Training season begins for the Indianapolis Colts in Anderson, Indiana, and Jim Irsay, owner of the football team, handed out $100 bills to enthusiastic fans who came to watch and support the team in the early days of training. Irsay spoke to the fans and expressed confidence about the upcoming season: “With the group we have here and with Andrew [Luck] really being seasoned now and doing such amazing things in only two years, everyone understands the expectations.”
Will you offer us a hand? Every gift, regardless of size, fuels our future.
Your critical contribution enables us to maintain our independence from shareholders or wealthy owners, allowing us to keep up reporting without bias. It means we can continue to make Jewish Business News available to everyone.
You can support us for as little as $1 via PayPal at firstname.lastname@example.org.
Irsay is facing personal challenges as well as some headwinds in the training season. He has to stand trial in August for charges that he was driving while intoxicated in March. In addition, running back Vick Ballard was carted off the field with a lower left leg injury on Friday. Irsay and the team are awaiting results from the MRI. The injury seems almost like a freak accident, since Ballard was not even hit on the pass play, but got up limping and had to be taken to the locker room in a golf cart.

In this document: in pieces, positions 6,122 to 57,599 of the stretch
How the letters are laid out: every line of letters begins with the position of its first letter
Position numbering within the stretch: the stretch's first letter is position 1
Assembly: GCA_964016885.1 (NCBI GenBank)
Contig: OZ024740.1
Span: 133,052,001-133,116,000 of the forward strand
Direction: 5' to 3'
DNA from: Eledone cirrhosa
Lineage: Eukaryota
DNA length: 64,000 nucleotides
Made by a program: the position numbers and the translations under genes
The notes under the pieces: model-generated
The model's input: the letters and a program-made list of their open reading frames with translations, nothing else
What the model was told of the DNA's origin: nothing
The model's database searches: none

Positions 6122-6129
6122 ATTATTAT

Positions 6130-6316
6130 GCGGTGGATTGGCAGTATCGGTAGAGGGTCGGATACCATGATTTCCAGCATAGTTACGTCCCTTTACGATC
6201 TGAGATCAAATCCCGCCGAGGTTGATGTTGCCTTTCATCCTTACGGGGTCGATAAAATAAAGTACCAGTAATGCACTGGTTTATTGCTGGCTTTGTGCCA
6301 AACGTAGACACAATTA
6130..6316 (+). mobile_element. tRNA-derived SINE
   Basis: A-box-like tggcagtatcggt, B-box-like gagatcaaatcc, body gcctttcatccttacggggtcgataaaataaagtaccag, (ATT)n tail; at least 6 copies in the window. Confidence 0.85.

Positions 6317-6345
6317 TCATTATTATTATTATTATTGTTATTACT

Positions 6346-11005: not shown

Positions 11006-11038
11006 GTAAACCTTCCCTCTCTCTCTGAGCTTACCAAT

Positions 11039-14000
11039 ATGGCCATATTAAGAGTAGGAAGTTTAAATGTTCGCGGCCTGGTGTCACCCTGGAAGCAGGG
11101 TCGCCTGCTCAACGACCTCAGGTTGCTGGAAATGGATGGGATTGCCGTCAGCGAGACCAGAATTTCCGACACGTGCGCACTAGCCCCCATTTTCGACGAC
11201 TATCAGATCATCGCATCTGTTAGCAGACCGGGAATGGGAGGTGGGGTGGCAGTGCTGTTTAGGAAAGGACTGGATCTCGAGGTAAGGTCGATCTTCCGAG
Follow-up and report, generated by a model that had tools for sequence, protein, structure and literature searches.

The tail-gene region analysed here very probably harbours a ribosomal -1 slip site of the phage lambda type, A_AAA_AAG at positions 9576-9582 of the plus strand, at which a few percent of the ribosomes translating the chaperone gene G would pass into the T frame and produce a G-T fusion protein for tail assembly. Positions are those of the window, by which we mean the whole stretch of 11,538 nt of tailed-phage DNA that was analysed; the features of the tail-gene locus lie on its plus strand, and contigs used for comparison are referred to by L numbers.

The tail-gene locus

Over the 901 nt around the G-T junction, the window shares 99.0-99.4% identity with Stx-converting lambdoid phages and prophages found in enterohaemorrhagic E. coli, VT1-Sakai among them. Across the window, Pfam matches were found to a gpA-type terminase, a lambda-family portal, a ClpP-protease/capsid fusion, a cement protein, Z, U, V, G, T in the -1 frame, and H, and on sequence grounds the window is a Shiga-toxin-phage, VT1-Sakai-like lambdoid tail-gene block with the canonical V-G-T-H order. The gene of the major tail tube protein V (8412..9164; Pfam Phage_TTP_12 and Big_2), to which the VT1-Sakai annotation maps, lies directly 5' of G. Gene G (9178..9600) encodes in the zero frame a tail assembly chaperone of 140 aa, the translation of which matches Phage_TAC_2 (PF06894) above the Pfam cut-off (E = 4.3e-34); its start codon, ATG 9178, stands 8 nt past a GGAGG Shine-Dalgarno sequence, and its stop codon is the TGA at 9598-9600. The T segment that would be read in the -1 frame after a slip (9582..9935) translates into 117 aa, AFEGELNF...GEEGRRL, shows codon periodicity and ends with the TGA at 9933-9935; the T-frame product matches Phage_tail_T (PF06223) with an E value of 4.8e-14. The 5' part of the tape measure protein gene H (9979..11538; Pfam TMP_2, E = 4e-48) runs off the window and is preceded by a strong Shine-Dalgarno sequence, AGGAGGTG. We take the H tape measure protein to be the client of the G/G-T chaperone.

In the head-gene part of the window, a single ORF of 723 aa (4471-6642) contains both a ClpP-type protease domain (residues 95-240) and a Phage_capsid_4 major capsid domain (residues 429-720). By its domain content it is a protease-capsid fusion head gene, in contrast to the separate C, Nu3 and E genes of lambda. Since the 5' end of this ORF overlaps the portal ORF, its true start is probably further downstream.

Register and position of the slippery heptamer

It was only the second full day of training, and if Ballard has injured his Achilles heel, he might be out for the season. Last year, he tore the ACL in his right knee in a September training session and had to sit out the last 15 games. Irsay addressed the issue with stoic resolve: “When you see someone like Vick Ballard go down who’s worked so hard to get back, it’s tough, but it happens, ” he said. “As soon as you get to camp, those things happen. He’s still young and he’s got a full career ahead of him so we have to do an MRI and see exactly what it is and then go from there.”
Irsay is no stranger to life’s challenges. His parents were hard-working immigrants, his mother from Polish Catholic roots, his father was a Hungarian Jew, although Jim did not discover his Jewish roots until he was 14 years old. He lost his brother, Robert, to a disability and his sister, Roberta, in a car accident. Irsay was a linebacker for the SMU Mustangs, until an ankle injury put an end to his career as a player. A breakthrough came for the Irsay family when Robert Irsay, Jim’s father, purchased the Baltimore Colts, a team that later became the Indianapolis Colts.